Reuters asked actors, directors and producers how much Hollywood has changed since October 2017
This week marks two years since the New York Times and the New Yorker published accounts by multiple women accusing film producer Harvey Weinstein of sexual misconduct, fueling the #MeToo movement against sexual harassment and a drive to empower women who work behind and in front of the camera.
Weinstein is due to stand trial in January on charges of rape and predatory assault of two women. He denies any non-consensual sex.
Reuters asked actors, directors and producers how much Hollywood has changed since October 2017. Below are their replies, edited for length and clarity.
“I’d like to say that I feel like men might be beginning to behave themselves a little bit better, and I say maybe. I’m not saying they have definitively, but there is a new way of communicating, or a slightly new awareness, an awareness shift that’s happened. It’s in process. This job is not done. It will never be done, but I think there’s a way of communicating that has improved, hopefully.”
“We seem to work as a pendulum. We swing too far one way, then we find that sweet spot, and then we go too far back and we keep on this swing. But what is going on, which is positive, is that we’re recalibrating our relationships, behaviors and workplace. It’s long overdue and needed, and it’s a good thing.”
“I’ve seen so many changes within my industry, but not just within my industry ... I see it at my daughter’s school. I see it in my friends’ places of employment. I see it really everywhere, and it gives me great faith that the world that these girls are growing up in is going to be different than the one that you and I grew up in.”
“I think we have very far to go. I think even in Hollywood there should have been an independent inquiry... There’s a lot of focus about what they say women want and I would say it’s not what we want. It’s what we’d like not to be done to us. Do not limit us to have an education, do not harm us whether it be at war or in our own homes, do not oppress us or try to control us, do not limit our possibilities as human beings and just let us be.”
“There’s this solidarity that is providing women with a chance to start finally telling their own stories and not being used as sort of tools to tell their stories through other people ... There are so many untapped resources and ways in which we can inhabit our own stories and repossess our narrative. (It) is fully doable right now and for the first time, like ever, so it is an exciting time for women in film, like, enormously.”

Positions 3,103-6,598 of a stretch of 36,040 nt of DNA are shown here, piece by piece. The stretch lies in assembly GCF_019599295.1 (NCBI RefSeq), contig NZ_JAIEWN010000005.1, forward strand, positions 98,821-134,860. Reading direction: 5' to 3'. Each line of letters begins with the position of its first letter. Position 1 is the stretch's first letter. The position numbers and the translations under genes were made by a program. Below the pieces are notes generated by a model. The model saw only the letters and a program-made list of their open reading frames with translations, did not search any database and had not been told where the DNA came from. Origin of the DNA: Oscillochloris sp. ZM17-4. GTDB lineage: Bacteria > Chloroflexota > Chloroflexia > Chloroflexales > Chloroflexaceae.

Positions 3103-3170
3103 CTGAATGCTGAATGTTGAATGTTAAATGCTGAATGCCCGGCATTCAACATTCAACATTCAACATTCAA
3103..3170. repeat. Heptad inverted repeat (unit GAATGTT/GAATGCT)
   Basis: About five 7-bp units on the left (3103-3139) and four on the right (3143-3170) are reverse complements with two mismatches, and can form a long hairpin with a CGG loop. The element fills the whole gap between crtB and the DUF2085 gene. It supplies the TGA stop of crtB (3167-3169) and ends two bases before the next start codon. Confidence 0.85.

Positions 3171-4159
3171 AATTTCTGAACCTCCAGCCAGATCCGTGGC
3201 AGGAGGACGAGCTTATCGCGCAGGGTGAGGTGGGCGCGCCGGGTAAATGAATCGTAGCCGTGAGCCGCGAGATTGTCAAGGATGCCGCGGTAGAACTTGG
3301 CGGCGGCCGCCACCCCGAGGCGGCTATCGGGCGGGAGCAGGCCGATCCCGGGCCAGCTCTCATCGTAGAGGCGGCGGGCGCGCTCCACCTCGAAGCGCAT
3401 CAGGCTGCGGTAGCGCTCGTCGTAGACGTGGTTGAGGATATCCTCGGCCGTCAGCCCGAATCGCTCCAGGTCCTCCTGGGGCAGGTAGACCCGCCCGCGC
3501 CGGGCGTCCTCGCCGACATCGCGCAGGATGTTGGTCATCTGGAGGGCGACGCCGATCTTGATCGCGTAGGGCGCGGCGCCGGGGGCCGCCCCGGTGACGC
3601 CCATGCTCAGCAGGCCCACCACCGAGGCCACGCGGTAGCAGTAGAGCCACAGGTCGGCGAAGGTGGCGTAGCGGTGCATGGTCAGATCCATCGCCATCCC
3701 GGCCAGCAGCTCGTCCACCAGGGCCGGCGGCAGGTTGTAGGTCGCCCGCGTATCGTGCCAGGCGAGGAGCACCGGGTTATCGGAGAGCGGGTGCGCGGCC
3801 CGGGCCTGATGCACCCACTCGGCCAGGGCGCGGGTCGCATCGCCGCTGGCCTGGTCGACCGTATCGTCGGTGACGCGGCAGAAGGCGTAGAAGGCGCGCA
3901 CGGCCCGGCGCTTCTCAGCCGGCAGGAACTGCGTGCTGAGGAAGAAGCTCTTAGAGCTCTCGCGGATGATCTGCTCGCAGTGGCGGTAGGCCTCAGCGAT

“Charlize (Theron), Margot (Robbie) and I just did a film - ‘Bombshell’ - which is about instigating change in terms of sexual harassment ... We hope that constantly talking about it changes it for the generations to come.”
“Because of Time’s Up, (New York) Governor (Andrew) Cuomo has adopted the Time’s Up safety agenda, which is really, really significant for every woman in New York state. New York is a much less progressive state than California, so when Time’s Up New York got together we thought, ‘What do we address here in our home state?’ And we’ve really been able to make changes (including) extend the statute of limitations on assault.”
“I think we’re at the beginning of a movement, and I think we have to keep pushing. You can talk a good game, but you have to wait until it changes, so we’re not there yet. We will be. You’ve got to root for it. I’m a hopeful person. I have two daughters; I have to be. I’ll fight. I’ll fight until I can’t fight anymore.”
“It’s just good everybody’s aware. I mean, out with the old, right? The old status quo can’t hold. There has to be these evolutionary leaps in what is acceptable.”